Do you remember where you were when you heard about The Dress? We do. We were in the WIRED newsroom cocking our heads at our screens and squabbling. Well, most of us were squabbling. A few reporters started making phone calls (what is the science of this crazy thing?) and the result was a story that swept across the internet.
p class=”paywall”>And as we put together this list of the most-read WIRED.com stories of the past five years, what we found is that people really love a good meme: Yanny vs. Laurel, Kendall Jenner and Pepsi, covfefe. They also love a good fight, a sexy hack, and (of course) a shiny new phone.
Come with us on a journey of compulsive clicks.
The Science of Why No One Agrees on the Color of This Dress, by Adam Rogers, February 26, 2015
“The fact that a single image could polarize the entire Internet into two aggressive camps is, let’s face it, just another Thursday. But for the past half-day, people across social media have been arguing about whether a picture depicts a perfectly nice bodycon dress as blue with black lace fringe or white with gold lace fringe. And neither side will budge. This fight is about more than just social media—it’s about primal biology and the way human eyes and brains have evolved to see color in a sunlit world.”
Hackers Finally Post Stolen Ashley Madison Data, by Kim Zetter, August 18, 2015
“I’m looking for someone who isn’t happy at home or just bored and looking for some excitement,” wrote one member who provided an address in Ottawa and the name and phone number of someone who works for the Customs and Immigration Union in Canada. “I love it when I’m called and told I have 15 minutes to get to someplace where I’ll be greeted at the door with a surprise—maybe lingerie, nakedness. I like to ravish and be ravished … I like lots of foreplay and stamina, fun, discretion, oral, even willingness to experiment—smile“
I Liked Everything I Saw on Facebook for Two Days. Here’s What It Did to Me, by Mat Honan, August 11, 2014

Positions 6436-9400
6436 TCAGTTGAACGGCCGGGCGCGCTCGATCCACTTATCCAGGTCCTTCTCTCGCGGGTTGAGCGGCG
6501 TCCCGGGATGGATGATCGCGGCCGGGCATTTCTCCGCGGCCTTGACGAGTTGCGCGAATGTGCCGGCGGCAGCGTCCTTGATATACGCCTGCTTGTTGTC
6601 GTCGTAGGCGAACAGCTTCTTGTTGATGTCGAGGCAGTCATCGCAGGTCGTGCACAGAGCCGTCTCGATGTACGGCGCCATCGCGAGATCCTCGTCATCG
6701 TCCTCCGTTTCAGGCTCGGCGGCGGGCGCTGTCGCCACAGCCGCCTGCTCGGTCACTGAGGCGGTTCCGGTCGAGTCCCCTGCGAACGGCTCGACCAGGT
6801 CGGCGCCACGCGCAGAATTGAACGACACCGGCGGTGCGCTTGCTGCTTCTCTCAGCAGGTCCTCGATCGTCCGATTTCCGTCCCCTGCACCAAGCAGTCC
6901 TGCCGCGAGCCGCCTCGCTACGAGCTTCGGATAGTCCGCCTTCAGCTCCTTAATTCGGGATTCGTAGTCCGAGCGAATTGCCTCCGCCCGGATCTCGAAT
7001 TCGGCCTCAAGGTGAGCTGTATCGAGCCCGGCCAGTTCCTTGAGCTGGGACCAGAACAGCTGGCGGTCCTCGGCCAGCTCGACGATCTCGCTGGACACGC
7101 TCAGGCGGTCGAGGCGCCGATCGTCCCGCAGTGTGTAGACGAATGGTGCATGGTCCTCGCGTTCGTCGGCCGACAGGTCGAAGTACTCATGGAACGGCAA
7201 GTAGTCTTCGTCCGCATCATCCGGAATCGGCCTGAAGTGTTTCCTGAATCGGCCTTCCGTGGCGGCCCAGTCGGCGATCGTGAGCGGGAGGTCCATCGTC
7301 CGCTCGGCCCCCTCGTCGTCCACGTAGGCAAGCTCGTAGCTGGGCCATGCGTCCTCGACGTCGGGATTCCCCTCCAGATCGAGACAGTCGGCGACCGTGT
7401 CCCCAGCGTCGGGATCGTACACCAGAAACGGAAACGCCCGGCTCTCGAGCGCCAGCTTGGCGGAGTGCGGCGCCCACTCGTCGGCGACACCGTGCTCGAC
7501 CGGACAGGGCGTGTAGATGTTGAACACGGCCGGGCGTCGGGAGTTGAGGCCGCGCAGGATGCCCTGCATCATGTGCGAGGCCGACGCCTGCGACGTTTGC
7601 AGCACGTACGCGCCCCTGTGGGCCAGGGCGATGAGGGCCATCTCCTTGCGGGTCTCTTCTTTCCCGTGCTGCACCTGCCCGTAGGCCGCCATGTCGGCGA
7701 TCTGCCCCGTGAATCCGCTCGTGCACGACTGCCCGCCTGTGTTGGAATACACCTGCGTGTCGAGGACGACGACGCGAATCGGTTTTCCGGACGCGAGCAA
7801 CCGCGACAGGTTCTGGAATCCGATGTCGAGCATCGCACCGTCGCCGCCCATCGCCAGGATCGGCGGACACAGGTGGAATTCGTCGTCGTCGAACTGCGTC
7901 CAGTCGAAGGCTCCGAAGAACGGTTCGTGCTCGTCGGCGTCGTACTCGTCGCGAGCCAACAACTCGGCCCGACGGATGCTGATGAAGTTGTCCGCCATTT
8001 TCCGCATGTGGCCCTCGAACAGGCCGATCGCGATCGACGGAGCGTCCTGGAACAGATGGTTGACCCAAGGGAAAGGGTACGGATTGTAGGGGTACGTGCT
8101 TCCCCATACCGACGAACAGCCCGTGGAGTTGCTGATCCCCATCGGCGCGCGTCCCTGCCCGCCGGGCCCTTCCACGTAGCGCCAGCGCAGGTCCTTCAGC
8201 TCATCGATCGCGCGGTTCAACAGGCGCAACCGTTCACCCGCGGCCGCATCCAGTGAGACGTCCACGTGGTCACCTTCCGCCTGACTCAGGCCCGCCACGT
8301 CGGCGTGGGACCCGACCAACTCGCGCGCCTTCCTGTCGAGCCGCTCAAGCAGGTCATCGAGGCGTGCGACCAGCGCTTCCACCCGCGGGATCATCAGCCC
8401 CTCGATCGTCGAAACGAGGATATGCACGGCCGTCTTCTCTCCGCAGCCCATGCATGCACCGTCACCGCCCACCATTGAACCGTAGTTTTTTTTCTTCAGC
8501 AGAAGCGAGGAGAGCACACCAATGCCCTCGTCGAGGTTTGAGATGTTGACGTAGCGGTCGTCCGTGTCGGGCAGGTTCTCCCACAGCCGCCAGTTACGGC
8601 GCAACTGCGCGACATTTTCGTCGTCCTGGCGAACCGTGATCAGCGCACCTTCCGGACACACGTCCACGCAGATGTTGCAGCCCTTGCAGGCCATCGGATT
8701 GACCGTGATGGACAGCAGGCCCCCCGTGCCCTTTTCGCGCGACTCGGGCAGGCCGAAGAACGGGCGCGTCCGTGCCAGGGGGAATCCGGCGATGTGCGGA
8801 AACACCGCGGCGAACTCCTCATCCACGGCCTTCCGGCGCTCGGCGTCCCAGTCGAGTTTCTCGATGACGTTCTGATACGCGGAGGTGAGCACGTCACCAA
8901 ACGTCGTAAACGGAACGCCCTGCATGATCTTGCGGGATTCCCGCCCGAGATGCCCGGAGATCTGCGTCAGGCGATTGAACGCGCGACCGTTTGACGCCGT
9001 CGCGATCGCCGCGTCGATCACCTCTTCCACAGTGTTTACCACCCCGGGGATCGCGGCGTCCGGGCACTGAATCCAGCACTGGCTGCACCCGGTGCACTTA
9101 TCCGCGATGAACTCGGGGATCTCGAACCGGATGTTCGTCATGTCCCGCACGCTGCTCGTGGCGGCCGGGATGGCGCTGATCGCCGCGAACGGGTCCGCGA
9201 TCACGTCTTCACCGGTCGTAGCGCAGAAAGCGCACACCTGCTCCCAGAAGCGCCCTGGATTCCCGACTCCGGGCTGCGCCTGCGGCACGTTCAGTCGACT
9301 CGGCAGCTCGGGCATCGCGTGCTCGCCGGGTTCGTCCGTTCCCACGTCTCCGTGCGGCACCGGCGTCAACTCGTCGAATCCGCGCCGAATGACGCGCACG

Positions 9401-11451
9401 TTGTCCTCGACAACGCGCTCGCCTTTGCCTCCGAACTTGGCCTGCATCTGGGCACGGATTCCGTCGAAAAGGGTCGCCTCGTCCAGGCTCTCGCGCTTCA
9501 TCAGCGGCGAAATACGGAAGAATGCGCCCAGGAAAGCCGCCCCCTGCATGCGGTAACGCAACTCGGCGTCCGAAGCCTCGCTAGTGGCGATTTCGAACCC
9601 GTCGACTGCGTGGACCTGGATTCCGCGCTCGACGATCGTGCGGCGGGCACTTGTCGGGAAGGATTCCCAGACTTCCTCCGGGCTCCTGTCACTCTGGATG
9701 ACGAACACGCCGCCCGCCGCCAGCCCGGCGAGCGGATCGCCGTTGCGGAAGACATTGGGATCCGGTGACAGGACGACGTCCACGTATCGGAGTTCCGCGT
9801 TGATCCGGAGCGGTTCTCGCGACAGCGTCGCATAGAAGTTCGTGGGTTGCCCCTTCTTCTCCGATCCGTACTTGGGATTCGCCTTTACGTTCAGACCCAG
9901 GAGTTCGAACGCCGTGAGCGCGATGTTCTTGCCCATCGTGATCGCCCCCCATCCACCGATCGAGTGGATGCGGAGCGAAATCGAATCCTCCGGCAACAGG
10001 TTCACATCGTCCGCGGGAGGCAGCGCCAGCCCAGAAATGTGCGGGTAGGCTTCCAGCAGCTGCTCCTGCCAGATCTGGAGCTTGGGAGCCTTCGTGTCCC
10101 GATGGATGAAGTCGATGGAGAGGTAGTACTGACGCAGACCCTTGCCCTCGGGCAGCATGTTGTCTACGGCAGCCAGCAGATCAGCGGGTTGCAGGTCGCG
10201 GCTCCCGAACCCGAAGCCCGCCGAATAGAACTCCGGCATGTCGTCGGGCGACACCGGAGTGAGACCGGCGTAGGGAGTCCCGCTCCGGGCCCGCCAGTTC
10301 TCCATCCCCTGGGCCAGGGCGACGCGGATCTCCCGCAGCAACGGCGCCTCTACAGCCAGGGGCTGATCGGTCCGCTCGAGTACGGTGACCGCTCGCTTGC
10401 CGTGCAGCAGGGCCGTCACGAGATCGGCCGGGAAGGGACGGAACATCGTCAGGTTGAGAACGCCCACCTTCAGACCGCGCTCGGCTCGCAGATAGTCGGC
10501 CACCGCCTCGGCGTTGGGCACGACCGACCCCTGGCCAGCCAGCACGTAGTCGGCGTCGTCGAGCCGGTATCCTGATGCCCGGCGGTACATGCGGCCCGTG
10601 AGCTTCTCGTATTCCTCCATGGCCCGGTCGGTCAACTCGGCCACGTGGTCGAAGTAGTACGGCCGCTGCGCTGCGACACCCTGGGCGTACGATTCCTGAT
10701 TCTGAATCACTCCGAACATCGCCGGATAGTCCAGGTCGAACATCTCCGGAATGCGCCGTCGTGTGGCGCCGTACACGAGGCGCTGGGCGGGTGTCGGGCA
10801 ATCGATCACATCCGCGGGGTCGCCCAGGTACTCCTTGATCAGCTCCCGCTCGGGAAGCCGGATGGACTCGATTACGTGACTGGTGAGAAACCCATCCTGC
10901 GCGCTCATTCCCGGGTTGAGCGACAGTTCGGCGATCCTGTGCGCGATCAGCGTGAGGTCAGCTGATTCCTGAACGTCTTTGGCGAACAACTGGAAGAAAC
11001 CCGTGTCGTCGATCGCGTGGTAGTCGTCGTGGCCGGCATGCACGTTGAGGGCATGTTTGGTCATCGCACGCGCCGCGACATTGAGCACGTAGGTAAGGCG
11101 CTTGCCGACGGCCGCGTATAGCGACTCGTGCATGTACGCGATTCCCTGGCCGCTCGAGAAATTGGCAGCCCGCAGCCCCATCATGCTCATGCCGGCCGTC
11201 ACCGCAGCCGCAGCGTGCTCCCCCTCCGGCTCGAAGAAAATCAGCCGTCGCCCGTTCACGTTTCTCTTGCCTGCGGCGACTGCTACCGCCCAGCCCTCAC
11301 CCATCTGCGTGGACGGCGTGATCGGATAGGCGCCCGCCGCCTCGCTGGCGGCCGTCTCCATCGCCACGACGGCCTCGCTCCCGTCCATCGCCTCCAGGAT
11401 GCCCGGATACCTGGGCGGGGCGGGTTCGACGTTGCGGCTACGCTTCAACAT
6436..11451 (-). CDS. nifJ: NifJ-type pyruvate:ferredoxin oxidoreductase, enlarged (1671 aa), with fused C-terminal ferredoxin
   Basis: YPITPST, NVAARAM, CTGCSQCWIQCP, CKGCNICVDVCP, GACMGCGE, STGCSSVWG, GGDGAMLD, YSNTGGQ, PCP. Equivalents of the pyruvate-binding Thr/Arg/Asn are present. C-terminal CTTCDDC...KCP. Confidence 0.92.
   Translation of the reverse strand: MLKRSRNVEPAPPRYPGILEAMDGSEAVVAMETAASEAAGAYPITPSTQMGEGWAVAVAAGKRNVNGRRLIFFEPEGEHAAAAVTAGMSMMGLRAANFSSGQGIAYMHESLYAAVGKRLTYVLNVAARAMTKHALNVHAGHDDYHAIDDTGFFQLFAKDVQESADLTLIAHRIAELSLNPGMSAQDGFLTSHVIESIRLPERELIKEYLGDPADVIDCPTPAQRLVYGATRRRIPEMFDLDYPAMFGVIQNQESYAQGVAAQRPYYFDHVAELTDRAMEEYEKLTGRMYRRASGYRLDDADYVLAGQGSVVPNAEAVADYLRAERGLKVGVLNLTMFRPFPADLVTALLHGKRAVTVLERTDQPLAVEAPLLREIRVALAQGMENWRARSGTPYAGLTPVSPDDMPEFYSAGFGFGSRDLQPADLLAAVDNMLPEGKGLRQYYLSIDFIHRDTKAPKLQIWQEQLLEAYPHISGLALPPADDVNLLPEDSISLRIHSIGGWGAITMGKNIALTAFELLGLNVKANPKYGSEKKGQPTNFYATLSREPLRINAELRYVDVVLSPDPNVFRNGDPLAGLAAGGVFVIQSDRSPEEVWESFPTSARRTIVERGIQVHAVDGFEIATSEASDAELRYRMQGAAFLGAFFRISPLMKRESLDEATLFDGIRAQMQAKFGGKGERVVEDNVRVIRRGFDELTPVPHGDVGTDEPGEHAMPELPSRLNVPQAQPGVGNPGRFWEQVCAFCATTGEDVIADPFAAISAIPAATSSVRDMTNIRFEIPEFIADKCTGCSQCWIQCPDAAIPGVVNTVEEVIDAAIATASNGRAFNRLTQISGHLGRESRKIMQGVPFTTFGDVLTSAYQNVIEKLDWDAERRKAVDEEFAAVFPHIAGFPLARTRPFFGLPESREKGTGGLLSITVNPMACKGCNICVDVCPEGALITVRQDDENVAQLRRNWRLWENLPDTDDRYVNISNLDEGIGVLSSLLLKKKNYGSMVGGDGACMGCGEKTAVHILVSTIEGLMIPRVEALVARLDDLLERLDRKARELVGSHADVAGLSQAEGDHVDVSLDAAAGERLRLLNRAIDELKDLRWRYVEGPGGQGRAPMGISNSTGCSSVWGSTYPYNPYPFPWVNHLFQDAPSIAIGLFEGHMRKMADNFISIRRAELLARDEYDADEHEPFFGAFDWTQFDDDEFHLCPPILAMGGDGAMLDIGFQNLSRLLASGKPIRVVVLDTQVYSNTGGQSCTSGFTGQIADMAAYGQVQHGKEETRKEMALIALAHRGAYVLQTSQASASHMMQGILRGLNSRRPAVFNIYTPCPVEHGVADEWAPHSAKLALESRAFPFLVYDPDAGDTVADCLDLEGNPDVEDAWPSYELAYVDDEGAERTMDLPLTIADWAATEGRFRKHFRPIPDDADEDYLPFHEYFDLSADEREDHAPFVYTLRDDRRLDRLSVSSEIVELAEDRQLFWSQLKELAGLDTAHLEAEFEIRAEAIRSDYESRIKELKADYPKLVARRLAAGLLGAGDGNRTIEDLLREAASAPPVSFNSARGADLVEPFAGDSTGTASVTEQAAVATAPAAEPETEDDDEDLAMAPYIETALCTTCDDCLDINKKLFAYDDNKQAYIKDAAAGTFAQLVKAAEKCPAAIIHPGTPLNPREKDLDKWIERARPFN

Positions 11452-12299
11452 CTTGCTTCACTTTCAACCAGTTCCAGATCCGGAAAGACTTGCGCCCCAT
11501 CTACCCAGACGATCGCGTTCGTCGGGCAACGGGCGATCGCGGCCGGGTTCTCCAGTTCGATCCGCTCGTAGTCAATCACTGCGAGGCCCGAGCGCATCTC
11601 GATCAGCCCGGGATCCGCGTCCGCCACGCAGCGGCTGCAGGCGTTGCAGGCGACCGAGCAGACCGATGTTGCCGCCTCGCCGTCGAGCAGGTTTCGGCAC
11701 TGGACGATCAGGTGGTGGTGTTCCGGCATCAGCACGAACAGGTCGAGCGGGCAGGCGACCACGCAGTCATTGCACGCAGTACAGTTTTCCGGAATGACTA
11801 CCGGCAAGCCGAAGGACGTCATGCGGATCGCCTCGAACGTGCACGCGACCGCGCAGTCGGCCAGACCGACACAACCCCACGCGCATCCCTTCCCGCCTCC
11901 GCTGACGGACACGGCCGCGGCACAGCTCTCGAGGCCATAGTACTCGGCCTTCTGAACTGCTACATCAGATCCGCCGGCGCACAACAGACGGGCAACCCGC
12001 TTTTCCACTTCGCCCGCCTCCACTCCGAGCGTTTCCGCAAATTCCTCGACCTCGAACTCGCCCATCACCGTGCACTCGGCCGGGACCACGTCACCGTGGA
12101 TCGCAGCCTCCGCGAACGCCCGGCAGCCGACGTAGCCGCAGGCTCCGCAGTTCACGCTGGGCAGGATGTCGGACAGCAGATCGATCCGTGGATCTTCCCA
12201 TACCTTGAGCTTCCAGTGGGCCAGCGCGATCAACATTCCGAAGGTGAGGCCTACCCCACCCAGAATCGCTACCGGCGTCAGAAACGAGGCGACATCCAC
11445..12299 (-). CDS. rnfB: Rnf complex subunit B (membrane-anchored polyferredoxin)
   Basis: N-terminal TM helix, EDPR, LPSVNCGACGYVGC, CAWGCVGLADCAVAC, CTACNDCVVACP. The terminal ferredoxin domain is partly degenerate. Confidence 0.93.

“My News Feed took on an entirely new character in a surprisingly short amount of time. After checking in and liking a bunch of stuff over the course of an hour, there were no human beings in my feed anymore. It became about brands and messaging, rather than humans with messages.
Likewise, content mills rose to the top. Nearly my entire feed was given over to Upworthy and the Huffington Post. As I went to bed that first night and scrolled through my News Feed, the updates I saw were (in order): Huffington Post, Upworthy, Huffington Post, Upworthy, a Levi’s ad, Space.com, Huffington Post, Upworthy, The Verge, Huffington Post, Space.com, Upworthy, Space.com.
Also, as I went to bed, I remember thinking “Ah, crap. I have to like something about Gaza,” as I hit the Like button on a post with a pro-Israel message.
By the next morning, the items in my News Feed had moved very, very far to the right. I’m offered the chance to like the 2nd Amendment and some sort of anti-immigrant page. I like them both. I like Ted Cruz. I like Rick Perry. The Conservative Tribune comes up again, and again, and again in my News Feed.”
The Internet Defines ‘Covfefe’, by Angela Watercutter, May 31, 2017
“Leave it to Donald Trump to keep Twitter guessing. Just after midnight Eastern this morning, the president did what the president often does at odd hours: He sent out a tweet. But this one, rather than attacking a political opponent or offering up a 140-character policy position, just plain made no sense: “Despite the constant negative press covfefe.” Wait, “covfefe”? No one knew what it meant. Surely it was a mistake that the president would soon delete. But after five minutes, he didn’t. Then a few more passed. Before long, social media was in a mad dash to try to define Trump’s typo. News reports followed, and soon a five-alarm internet fire was burning.”